Snowplowing: ‘It keeps life going’

It takes an army of drivers and equipment to clear roads during a storm

Snow. Some dance for it while others think only about how to push it off of area roads and streets.

“Everyone in town expect streets to be cleared in a timely manner after a snowfall. It keeps life going,” Mike Somsen, supervisor of the city’s Streets Department, said. “We do everything we can to meet these expectations.”

For city crews, this process starts before the flakes start falling.

“The snowplows have been set up and ready since the middle of October,” said Levi Lloyd, street superintendent for the city.

This year, the city is using a new pretreatment regimen that uses a mixture of magnesium chloride, corrosion inhibitors and sand for traction to improve the effectiveness of plowing efforts.

No matter the city’s approach, it’s not possible to clear all 74 miles of roads and streets under its jurisdiction at once. So crews’ strategy is to focus first on the central downtown area up to 15th street and south to the train station.

“We typically remove that snow first because the downtown district is the blood of Durango,” Lloyd said. “We want to keep that in good shape for locals and people visiting during the winter.”

Also a priority are the main thoroughfares: 32nd street, Goeglein Gulch Road and North College Drive.

“We typically try to maintain open driving lanes, and then as time allows, go back in and start pushing snow back into parking lanes,” Lloyd said.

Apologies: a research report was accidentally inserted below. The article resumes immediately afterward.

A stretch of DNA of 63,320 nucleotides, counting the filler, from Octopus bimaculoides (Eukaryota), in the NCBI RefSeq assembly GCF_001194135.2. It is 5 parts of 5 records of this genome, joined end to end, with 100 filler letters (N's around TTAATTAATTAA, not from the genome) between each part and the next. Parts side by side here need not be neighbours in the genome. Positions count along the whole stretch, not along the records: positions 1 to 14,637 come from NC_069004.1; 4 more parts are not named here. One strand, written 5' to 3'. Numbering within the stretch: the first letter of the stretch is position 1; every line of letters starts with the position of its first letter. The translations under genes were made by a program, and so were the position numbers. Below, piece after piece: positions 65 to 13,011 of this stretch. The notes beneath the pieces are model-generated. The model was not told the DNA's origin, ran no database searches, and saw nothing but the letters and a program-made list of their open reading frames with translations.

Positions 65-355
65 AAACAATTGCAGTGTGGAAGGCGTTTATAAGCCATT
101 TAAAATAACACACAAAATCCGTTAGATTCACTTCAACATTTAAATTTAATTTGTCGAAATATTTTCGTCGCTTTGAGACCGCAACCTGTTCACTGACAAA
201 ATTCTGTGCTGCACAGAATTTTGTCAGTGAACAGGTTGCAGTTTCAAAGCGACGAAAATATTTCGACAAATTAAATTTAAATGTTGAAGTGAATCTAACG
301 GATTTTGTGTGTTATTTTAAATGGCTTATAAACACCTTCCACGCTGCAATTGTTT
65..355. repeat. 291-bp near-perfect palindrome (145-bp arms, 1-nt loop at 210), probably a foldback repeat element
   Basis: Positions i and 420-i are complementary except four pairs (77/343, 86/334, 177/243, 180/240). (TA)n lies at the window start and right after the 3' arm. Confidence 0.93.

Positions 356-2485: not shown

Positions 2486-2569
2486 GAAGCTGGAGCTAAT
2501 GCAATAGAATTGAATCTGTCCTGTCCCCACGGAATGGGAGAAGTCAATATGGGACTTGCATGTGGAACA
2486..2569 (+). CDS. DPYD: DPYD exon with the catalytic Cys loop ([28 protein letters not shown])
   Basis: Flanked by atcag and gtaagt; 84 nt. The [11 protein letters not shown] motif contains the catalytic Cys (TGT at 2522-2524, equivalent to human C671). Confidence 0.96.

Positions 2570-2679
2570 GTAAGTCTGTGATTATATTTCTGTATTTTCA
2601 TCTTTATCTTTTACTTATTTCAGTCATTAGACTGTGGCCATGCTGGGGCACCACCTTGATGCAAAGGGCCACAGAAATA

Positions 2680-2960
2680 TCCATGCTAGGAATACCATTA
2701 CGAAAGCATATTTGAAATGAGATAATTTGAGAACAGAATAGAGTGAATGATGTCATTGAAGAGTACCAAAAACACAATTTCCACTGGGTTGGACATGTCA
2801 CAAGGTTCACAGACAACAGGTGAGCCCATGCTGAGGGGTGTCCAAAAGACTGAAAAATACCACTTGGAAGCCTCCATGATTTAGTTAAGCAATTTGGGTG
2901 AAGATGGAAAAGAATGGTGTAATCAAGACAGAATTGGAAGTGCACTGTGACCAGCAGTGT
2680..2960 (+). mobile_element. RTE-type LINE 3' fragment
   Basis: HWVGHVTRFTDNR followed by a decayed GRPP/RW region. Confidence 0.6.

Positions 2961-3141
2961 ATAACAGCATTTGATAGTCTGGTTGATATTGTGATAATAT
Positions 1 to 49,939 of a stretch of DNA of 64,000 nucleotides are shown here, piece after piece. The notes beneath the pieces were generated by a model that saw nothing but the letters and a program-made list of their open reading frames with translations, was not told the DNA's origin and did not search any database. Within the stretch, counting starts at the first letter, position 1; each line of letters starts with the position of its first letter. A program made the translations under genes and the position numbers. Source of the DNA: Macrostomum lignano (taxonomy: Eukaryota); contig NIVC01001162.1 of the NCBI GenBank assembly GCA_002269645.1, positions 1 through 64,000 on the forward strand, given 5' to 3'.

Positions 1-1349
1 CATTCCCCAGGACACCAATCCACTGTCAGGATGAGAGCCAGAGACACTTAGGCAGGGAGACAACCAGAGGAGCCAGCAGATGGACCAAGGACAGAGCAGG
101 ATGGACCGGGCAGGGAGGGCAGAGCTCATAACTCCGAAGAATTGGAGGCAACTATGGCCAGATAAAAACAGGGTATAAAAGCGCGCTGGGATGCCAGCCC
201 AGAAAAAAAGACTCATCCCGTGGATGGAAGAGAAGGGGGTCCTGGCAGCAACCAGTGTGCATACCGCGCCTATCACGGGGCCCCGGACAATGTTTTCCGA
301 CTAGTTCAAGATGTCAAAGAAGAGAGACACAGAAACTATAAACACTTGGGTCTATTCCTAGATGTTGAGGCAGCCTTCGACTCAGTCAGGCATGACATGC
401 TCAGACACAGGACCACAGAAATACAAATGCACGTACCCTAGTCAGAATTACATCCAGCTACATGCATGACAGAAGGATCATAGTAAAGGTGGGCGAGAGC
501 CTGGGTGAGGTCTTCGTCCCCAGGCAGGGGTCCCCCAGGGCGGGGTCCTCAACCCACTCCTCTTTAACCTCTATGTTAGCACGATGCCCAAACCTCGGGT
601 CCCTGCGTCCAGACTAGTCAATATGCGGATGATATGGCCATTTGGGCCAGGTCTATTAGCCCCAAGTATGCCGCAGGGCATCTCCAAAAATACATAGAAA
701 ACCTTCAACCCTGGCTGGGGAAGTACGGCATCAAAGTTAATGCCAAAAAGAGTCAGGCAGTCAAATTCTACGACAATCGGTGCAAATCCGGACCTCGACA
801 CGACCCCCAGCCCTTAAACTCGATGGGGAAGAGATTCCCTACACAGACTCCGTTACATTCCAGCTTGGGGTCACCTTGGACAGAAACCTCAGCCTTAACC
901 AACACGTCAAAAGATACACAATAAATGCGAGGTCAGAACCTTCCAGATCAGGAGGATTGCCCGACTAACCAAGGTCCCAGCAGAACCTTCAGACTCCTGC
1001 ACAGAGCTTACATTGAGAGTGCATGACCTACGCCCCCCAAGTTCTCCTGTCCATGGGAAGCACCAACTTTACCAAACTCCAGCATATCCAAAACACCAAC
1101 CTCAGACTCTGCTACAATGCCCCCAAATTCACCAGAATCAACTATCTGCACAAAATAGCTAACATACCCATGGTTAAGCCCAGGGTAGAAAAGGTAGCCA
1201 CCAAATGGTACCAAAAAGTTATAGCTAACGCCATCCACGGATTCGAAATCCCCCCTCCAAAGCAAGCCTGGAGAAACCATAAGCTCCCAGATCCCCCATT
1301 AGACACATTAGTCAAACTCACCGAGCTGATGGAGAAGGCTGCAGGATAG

At the same time, the county will have its plows dispatched across county roads, and the Colorado Department of Transportation will be working the highways and passes.

Snowplowing can be a stressful job, requiring back-to-back days of 12-hour shifts when the snow is flying.

Drivers also are required to go through extensive training before the snow seasons.

Most of the city’s crew have gone to school for snowplowing and equipment operation. Drivers are also required to have a class B commercial driver’s license to operate snowplows, Lloyd said.

“Every year, we have a ‘snow rodeo’ where we set up an obstacle course that is used to simulate conditions that they would see in the real world: narrow alleys, cars parked, trying to swoop in between cars to push snow back into parking areas,” Lloyd said.

During training, the snowplow drivers are graded on their performance and their time, Lloyd added.

“It is a timed event, but obviously you get time penalties if you were to hit cones or other obstacles,” Lloyd said.

The course takes into consideration what is expected of snow removal, how crews are going to combat snow and the different level of services residents expect while preparing for snow season.

“We have a snow meeting every year where we outline our policies and procedures to our plow drivers,” Lloyd said.

After training, drivers go into their areas and look for any new obstacles or things that have changed such as street alignments or added streets, Lloyd said.

Once snow coats the city’s streets, snowplow crews work until the streets are clear.